Fishing with flies, but not fly fishing

Discussion in 'Fly Fishing Forum' started by kmudgn, Apr 13, 2014.

  1. actually more effective methods often equal higher mortality, tho often because more fish are handled and therefore mishandled. tnt doesnt require any handling to have high mortality. no bait, no boat fishing, and no addded junk on the leader is already in play in oregon. barbless hooks even more widespread. hopefully these restrictions will continue to be popular. look at the crowds the deschutes draws.
    sopflyfisher likes this.

  2. Nope. Just if there is honestly so much concern for the fish that they regulate a fishery to the point of making it almost impossible to actually catch a fish, why not shut the fishery down? If the fishery is regulated to protect fish, then shut it down, that is simply the best way to protect the fish. I support less opportunity to catch fish in this manner, and self impose my own limitations by staying away from fisheries with critical issues. If you are really concerned about the well being of the fish, don't fish for them. I just don't agree with the somewhat hypocritical attitude that a fishery should be traditionally limiting to a method that only some prefer to fish under the guise of "protecting a fishery". Hopefully people who believe in those fisheries in order to protect fish feel monstrously guilty each time they hook a fish.
    FinLuver, Randall Clark and P.Dieter like this.
  3. Been away a few days, unfortunately not fishing. I am glad to see that the thread is evolving into a learned discussion of fishing techniques and equipment. Barbless hooks, C&R, and minimal handling of fish are the key to keeping the sport alive (along with the fish). I have no moral objection to taking a few fish for dinner, but those old black and white camp pictures you have seen with guys holding a stringer of 50 trout are one of the reasons we (at least in the East) have to rely on stocked fish.

    I do want to reply to one response that was made where the poster had a picture of classic salmon flies. He indicated that somehow these flies would not be ok with traditional fishers. How wrong that is! I tie a number of those flies. They are difficult and very time consuming to get right. When you lose one, it is a real loss. The reason they are classic flies is that they have been tied for a hundred years and they work.

    I suspect the poster would not know Carrie Stevens from Cat Stevens, or a Mickey Finn from Mickey Roarke or he would not have made those remarks. The fact is that those classic flies must really be fished well. The angler must know depth, retrieve speed, water and sky conditions, and what bait fish are around to be successful. You cant just hang them off a bobber!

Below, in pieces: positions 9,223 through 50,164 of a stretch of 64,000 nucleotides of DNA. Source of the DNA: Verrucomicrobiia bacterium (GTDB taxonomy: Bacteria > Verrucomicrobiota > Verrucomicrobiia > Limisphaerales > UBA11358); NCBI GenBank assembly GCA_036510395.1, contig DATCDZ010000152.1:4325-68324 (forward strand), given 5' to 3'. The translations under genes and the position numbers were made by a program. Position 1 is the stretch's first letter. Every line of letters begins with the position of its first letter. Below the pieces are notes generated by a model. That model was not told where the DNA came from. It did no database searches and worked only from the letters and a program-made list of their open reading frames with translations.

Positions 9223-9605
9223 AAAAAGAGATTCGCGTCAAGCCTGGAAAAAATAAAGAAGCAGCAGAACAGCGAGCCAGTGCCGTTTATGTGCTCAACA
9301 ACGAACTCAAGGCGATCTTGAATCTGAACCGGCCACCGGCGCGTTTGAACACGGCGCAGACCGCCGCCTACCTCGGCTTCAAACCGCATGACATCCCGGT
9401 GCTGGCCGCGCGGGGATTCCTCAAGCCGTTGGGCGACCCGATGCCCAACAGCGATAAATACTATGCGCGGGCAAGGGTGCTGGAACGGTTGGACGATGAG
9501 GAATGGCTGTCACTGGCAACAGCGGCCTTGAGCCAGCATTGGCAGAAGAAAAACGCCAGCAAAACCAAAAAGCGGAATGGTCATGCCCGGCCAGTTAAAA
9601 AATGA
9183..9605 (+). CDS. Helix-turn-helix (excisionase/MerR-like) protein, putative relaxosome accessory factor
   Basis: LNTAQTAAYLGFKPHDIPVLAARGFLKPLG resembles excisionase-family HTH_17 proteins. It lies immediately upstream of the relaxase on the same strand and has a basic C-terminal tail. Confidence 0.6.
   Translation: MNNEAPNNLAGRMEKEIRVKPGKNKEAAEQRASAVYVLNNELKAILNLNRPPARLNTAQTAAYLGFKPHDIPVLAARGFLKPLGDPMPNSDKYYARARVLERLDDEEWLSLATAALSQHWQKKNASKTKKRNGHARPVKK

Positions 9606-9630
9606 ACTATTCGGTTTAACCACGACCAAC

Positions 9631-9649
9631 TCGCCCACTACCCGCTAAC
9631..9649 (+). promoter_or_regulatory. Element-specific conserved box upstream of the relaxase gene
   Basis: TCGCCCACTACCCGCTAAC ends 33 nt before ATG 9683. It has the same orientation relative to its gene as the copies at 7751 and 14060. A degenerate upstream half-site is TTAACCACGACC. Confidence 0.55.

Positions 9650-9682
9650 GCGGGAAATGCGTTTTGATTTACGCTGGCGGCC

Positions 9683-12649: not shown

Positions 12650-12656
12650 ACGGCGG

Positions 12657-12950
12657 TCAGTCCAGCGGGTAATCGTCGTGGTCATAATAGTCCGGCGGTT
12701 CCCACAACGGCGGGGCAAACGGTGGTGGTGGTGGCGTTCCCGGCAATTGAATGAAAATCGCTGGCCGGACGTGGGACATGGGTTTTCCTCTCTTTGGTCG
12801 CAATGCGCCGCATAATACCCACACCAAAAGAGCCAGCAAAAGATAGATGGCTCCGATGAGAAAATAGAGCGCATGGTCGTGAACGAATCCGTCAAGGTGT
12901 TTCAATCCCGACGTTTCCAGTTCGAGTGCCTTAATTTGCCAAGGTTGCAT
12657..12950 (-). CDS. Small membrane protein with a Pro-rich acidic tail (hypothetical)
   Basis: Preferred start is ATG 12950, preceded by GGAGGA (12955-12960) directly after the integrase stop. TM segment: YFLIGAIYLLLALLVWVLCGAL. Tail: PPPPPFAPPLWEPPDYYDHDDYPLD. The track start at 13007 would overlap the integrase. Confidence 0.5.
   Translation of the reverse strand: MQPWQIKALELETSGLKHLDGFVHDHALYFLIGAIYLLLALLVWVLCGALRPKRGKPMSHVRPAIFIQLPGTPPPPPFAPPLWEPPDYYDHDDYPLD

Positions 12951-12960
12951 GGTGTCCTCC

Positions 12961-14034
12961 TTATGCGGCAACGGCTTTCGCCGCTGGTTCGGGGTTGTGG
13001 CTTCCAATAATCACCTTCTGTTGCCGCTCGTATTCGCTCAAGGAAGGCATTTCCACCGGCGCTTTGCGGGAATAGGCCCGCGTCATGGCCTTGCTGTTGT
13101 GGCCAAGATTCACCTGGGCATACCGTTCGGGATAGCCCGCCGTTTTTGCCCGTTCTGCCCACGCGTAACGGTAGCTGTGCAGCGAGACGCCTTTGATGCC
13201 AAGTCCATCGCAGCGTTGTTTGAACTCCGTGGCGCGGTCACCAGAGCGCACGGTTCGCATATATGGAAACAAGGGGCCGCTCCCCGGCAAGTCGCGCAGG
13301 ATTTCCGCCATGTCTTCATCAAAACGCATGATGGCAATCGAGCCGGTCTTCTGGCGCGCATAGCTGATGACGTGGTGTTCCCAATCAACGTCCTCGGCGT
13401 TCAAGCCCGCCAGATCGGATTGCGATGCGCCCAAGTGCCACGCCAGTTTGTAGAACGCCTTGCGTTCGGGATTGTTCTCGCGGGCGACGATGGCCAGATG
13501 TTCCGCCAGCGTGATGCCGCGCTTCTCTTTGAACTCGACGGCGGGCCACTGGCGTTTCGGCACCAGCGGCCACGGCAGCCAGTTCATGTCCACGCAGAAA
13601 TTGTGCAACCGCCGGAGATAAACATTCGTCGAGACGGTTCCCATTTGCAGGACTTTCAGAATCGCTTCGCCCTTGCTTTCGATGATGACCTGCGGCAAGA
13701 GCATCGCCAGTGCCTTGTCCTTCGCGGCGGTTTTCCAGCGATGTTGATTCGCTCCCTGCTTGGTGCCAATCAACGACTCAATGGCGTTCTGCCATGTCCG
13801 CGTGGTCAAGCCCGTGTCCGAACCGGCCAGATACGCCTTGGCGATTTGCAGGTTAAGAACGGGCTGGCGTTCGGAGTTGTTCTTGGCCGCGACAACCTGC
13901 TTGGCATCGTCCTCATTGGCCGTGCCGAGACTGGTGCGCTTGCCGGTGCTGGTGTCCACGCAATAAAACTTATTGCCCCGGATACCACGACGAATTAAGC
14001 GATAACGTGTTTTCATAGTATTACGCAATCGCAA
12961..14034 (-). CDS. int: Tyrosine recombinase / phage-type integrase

4. Gotcha. I don't disagree with you on that point.

    I suppose I don't have a problem with having a limited number of areas where the regs have nothing to do with protecting fish and everything to of with providing a particular experience to those who decide to participate. The Fall River and the "holy water" section of the rogue come to mind. There are specific regs in place there but the fish are mostly hatchery so they don't "need" protection. FWIW, I think you could indicator nymph both stretches but that's beside the point.

    I feel the same about the fly water stretch of the NU. Maybe those regs were put I n place under the guise of protecting the fish (I'm not sure) but who cares, it's one 30 mile stretch of all the steelhead water in Oregon and it's not exactly in a metro area. If I was a nympher and some one gave me a hard time while on a metro or coastal river I'd tell them to suck a dick, fill up their gas tank and put steamboat lodge in the nav system.
  5. It seems the usefulness of the thread is inversely related to your participation in it. Hopefully your rivers are fishable soon.
  6. For once, will someone explain to me why staring at a dry fly all day is different than staring at an indicator all day?

    It is the Zen aspect of fly fishing I get into, and part of that is the zen of figuring out what my nymph is doing below my indicator and when Mr trout comes up an kisses it. That takes much more Zen than the visual of the dry fly slurp. I do love to fish dries, prefer it at times actually, but not afraid to go where the trout are and enjoy the thrill of the non-visual take as much. But if you think it is less skillful, you are just stupid. And I am sure I will not change your mind on that. Just because fish hit a dry fly less often, does not make it more skillful.

    Krusty, Nick Clayton and golfman44 like this.
  7. Sorry about that last post. I drank an extra glass of ale tonight, and I let my guard down. But since it was not scotch that passed my lips, I guess thats not real flyfishing either.

    underachiever and chewydog like this.
  8. what about the lack of etiquette that was the cause of the regulations on the umpqua to begin with? what is wrong with a tradition of rotating through the water so everyone has a chance to fish?

    nymphers can blame traditionalists all they want for these regs (or the closing of the deer creek pool in the 90's) but none of these issues existed before the nympher's behavior caused them. whether it is lack of rotation or lack of restraint on staged fish, the only ones to blame are those who behaved greedily and refused to share the water. let's not forget that both of these examples happened on waters with a long history of enjoying fly fishing only regulations and harmonious sharing of the resource through rotation that allowed everyone to fish the water. that all changed when a few greedy fishermen decided their catch rates were more important than everyone else's ability to access the fishery.